ONG, LONG AGO, when this old world was in its tender infancy, there was a child, named Epimetheus, who never had either father or mother; and, that he might not be lonely, another child, fatherless and motherless like himself, was sent from a far country, to live with him, and be his playfellow and helpmate. Her name was Pandora.
The first thing that Pandora saw, when she entered the cottage where Epimetheus dwelt, was a great box. And almost the first question which she put to him, after crossing the threshold, was this:
"Epimetheus, what have you in that box?"
"My dear little Pandora," answered Epimetheus, "that is a secret, and you must be kind enough not to ask any questions about it. The box was left here to be kept safely, and I do not myself know what it contains."
"But who gave it to you?" asked Pandora. "And where did it come from?"
"That is a secret, too," replied Epimetheus.
"How provoking!" exclaimed Pandora, pouting her lip. "I wish the great ugly box were out of the way!"
"Oh, come, don't think of it any more," cried Epimetheus. "Let us run out of doors, and have some nice play with the other children."
It is thousands of years since Epimetheus and Pandora were alive; and the world, nowadays, is a very different sort of thing from what it was in their time. Then, everybody was a child. There needed no fathers and mothers to take care of the children; because there was no danger, nor trouble of any kind, and no clothes to be mended, and there was always plenty to eat and drink. Whenever a child wanted his dinner, he found it growing on a tree; and, if he looked at the tree in the morning, he could see the expanding blossom of that night's supper; or, at eventide, he saw the tender bud of to-morrow's breakfast. It was a very pleasant life indeed. No labour to be done, no tasks to be studied; nothing but sports and dances, and sweet voices of children talking, or carolling like birds, or gushing out in merry laughter, throughout the livelong day.
What was most wonderful of all, the children never quarrelled among themselves; neither had they any crying fits; nor, since time first began, had a single one of these little mortals ever gone apart into a corner, and sulked. Oh, what a good time was that to be alive in! The truth is, those ugly little winged monsters, called Troubles, which are now almost as numerous as mosquitoes, had never yet been seen on the earth. It is probable that the very greatest disquietude which a child had ever experienced was Pandora's vexation at not being able to discover the secret of the mysterious box.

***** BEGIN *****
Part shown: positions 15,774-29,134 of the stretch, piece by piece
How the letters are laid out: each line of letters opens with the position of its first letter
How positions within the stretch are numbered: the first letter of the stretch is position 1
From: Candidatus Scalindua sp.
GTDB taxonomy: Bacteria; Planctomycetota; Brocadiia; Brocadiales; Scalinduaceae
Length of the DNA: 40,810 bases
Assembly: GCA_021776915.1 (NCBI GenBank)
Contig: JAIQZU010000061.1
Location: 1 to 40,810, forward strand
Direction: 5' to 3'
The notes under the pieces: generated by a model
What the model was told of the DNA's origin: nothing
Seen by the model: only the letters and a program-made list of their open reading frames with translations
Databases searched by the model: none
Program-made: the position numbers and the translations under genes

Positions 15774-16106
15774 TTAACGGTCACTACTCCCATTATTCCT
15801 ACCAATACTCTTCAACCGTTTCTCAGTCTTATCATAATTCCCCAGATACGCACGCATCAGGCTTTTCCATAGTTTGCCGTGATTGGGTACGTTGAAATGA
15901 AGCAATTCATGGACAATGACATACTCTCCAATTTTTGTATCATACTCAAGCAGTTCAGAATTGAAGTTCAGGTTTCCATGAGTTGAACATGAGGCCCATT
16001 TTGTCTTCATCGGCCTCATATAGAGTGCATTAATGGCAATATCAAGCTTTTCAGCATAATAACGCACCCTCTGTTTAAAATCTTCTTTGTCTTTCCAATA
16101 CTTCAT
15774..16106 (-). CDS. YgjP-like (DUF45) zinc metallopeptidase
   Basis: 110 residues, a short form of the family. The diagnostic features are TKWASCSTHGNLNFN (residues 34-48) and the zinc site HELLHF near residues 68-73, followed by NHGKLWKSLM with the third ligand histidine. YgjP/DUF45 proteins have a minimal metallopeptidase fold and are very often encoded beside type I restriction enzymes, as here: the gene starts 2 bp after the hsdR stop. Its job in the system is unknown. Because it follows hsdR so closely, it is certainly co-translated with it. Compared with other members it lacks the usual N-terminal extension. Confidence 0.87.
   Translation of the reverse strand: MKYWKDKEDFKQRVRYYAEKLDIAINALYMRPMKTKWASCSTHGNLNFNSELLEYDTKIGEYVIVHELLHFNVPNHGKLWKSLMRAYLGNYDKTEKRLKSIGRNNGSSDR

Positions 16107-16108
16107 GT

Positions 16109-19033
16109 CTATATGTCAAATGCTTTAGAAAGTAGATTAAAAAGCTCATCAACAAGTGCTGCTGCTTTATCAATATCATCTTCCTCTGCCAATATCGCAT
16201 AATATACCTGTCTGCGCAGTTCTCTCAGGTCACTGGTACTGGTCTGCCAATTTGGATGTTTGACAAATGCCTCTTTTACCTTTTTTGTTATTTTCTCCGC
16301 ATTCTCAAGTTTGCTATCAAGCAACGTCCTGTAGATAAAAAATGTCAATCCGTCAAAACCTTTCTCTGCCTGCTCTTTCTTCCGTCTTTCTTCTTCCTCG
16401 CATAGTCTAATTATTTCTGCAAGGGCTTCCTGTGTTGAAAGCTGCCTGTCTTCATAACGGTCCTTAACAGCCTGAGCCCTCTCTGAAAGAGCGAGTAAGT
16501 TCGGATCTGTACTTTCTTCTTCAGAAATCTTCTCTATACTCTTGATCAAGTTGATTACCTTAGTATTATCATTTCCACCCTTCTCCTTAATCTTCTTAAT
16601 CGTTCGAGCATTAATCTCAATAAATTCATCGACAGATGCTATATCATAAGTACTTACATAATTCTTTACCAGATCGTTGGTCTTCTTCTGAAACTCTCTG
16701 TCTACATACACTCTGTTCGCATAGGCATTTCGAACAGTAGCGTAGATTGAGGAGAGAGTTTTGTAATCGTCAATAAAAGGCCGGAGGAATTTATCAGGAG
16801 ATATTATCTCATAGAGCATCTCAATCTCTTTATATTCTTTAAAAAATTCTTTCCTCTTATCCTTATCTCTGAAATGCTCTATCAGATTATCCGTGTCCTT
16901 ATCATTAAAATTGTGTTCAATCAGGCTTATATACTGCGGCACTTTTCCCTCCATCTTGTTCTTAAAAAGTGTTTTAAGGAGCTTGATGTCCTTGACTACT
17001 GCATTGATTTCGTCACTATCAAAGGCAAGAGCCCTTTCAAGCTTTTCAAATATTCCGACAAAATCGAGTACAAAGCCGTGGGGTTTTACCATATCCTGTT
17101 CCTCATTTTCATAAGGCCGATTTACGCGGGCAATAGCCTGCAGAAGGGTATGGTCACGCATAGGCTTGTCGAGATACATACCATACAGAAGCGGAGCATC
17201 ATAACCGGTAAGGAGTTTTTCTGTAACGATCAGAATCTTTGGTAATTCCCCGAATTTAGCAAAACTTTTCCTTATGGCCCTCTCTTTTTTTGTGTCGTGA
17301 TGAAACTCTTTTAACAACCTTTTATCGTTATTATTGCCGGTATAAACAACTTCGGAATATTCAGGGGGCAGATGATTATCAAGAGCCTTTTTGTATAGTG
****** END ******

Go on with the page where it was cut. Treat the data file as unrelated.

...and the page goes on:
This was at first only the faint shadow of a Trouble; but, every day, it grew more and more substantial, until, before a great while, the cottage of Epimetheus and Pandora was less sunshiny than those of the other children.
"Whence can the box have come?" Pandora continually kept saying to herself and to Epimetheus. "And what in the world can be inside of it?"
"Always talking about this box!" said Epimetheus, at last; for he had grown extremely tired of the subject. "I wish, dear Pandora, you would try to talk of something else. Come, let us go and gather some ripe figs, and eat them under the trees, for our supper. And I know a vine that has the sweetest and juiciest grapes you ever tasted."
"Always talking about grapes and figs!" cried Pandora, pettishly.
"Well, then," said Epimetheus, who was a very good-tempered child, like a multitude of children in those days, "let us run out and have a merry time with our playmates."
"I am tired of merry times, and don't care if I never have any more!" answered our pettish little Pandora. "And, besides, I never do have any. This ugly box! I am so taken up with thinking about it all the time. I insist upon your telling me what is inside of it."
"As I have already said, fifty times over, I do not know!" replied Epimetheus, getting a little vexed. "How, then, can I tell you what is inside?"
"You might open it," said Pandora, looking sideways at Epimetheus, "and then we could see for ourselves."
"Pandora, what are you thinking of?" exclaimed Epimetheus.